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Distance education and eLearning

for sustainable agriculture: lessons learned

Robert T. Raab and Buenafe R. Abdon

There is no doubt that the agricultural sector, no less than any applied in agriculture and continue on to examine some of the
other, is facing a range of old and new challenges as a result of lessons learned.
today’s economic and environmental pressures. Key among
these are population growth, increased market complexity,
Applications of digital technologies to agricultural learning
continuing economic inequality, and the need to raise produc-
tivity without adversely endangering the natural resource base eLearning and digital technologies are increasingly influenc-
(McCalla 2001). ing and enriching all forms of agricultural education. This is
A growing global population means that agriculture will most apparent in informal and formal education, but with ten-
need to produce enough food to feed an expected two billion tative pilot applications in nonformal education as well.
additional people by 2025 and this additional production must Traditional means of informal education and learning in
be achieved with less natural resources. Compounding these agriculture, based on knowledge and skills being passed be-
problems is the changing economic nature of agriculture, with tween generations and between community members, are be-
increased commercialization, sophistication, and globalization. coming much less effective. This is a result of several factors,
There is a growing consensus that learning will be a major such as fewer experts in rural areas, agricultural innovations
factor to help agriculture and agricultural producers success- are increasingly coming from outside the community, fewer
fully deal with these challenges. “Knowledge—and related traditional courses are being offered, and much information is
information, skills, technologies, and attitudes—will play a key time-sensitive and/or needed quickly (Agriculture and Agri-
role in the sustainable intensification of agriculture and suc- Food Canada 2003). Comprehensive and growing reposito-
cess of rural development investments,” stated Alex et al ries of online agricultural information provide a powerful means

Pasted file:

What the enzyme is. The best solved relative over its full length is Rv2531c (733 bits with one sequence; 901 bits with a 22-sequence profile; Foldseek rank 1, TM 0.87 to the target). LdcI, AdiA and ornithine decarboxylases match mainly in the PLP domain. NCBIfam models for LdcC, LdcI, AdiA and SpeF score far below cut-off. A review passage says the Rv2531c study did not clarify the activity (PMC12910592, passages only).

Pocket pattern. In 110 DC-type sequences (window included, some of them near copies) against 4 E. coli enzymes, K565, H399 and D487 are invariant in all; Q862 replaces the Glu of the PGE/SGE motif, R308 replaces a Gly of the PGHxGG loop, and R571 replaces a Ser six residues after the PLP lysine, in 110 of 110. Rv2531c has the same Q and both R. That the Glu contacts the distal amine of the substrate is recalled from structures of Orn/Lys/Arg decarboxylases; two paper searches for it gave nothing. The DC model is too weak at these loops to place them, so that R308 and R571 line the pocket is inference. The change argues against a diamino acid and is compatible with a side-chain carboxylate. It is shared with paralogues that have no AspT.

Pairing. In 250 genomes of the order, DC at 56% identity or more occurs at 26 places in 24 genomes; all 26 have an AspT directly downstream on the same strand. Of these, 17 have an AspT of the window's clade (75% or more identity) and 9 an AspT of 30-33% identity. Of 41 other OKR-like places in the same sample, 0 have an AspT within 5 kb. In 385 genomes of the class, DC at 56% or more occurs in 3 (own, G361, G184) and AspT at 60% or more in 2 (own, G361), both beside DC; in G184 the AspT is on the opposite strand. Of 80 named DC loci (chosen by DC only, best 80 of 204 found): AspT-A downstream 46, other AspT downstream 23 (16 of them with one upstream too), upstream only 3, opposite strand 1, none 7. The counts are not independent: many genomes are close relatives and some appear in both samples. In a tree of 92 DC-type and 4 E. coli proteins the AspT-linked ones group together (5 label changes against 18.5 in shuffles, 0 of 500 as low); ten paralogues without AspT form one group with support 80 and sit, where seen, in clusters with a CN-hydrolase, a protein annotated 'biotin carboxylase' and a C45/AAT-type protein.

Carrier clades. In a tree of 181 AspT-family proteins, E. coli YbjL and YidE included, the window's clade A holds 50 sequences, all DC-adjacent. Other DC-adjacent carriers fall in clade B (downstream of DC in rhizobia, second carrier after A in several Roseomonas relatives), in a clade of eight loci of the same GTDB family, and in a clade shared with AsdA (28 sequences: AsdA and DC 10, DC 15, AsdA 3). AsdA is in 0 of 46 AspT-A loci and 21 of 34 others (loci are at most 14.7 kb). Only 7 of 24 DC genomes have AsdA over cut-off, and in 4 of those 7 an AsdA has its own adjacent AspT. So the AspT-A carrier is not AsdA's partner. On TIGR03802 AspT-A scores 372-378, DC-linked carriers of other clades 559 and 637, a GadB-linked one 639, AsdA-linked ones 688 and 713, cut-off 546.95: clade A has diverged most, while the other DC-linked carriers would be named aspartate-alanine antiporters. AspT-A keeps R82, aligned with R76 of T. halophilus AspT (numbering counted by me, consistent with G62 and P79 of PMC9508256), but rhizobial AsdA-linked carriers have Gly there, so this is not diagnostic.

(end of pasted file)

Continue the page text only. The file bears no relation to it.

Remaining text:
(2002). of overcoming these constraints and allow the independent
Getting the essential knowledge to those who need it learner to delve deeply into a myriad of subjects with the click
most remains difficult and expensive, but much optimism has of a mouse.
been generated as a result of the increased growth and sophis- Formal education has long been limited by geography,
tication of new electronic information services—even in re- high cost, and lack of access by particular groups; as a result,
mote rural areas. Information and communication technolo- eLearning and associated technologies are increasingly being
gies (ICTs), and such specialized ICT applications as used to overcome these obstacles. This trend is most promi-
eLearning, are offering new options to deliver knowledge and nent in higher education in developed countries and recent fig-
information to farmers directly and indirectly through knowl- ures show that 80% of the top U.S. and European universities
edge intermediaries. will offer global courses in 2004, with many of these offerings
eLearning is one form of distance learning, a type of related to agriculture.
educational situation in which the instructor and students are While informal and formal education are certainly im-
separated by time, location, or both. eLearning typically in- portant for the future of agriculture, nonformal education is
volves the use of the Internet to access learning materials; in- arguably the most critical. There is now almost too much in-
teract with the content, instructor, and other learners; and ob- formation available online for informal learning and taking
tain support during the learning process in order to acquire full advantage of these resources requires special skills to lo-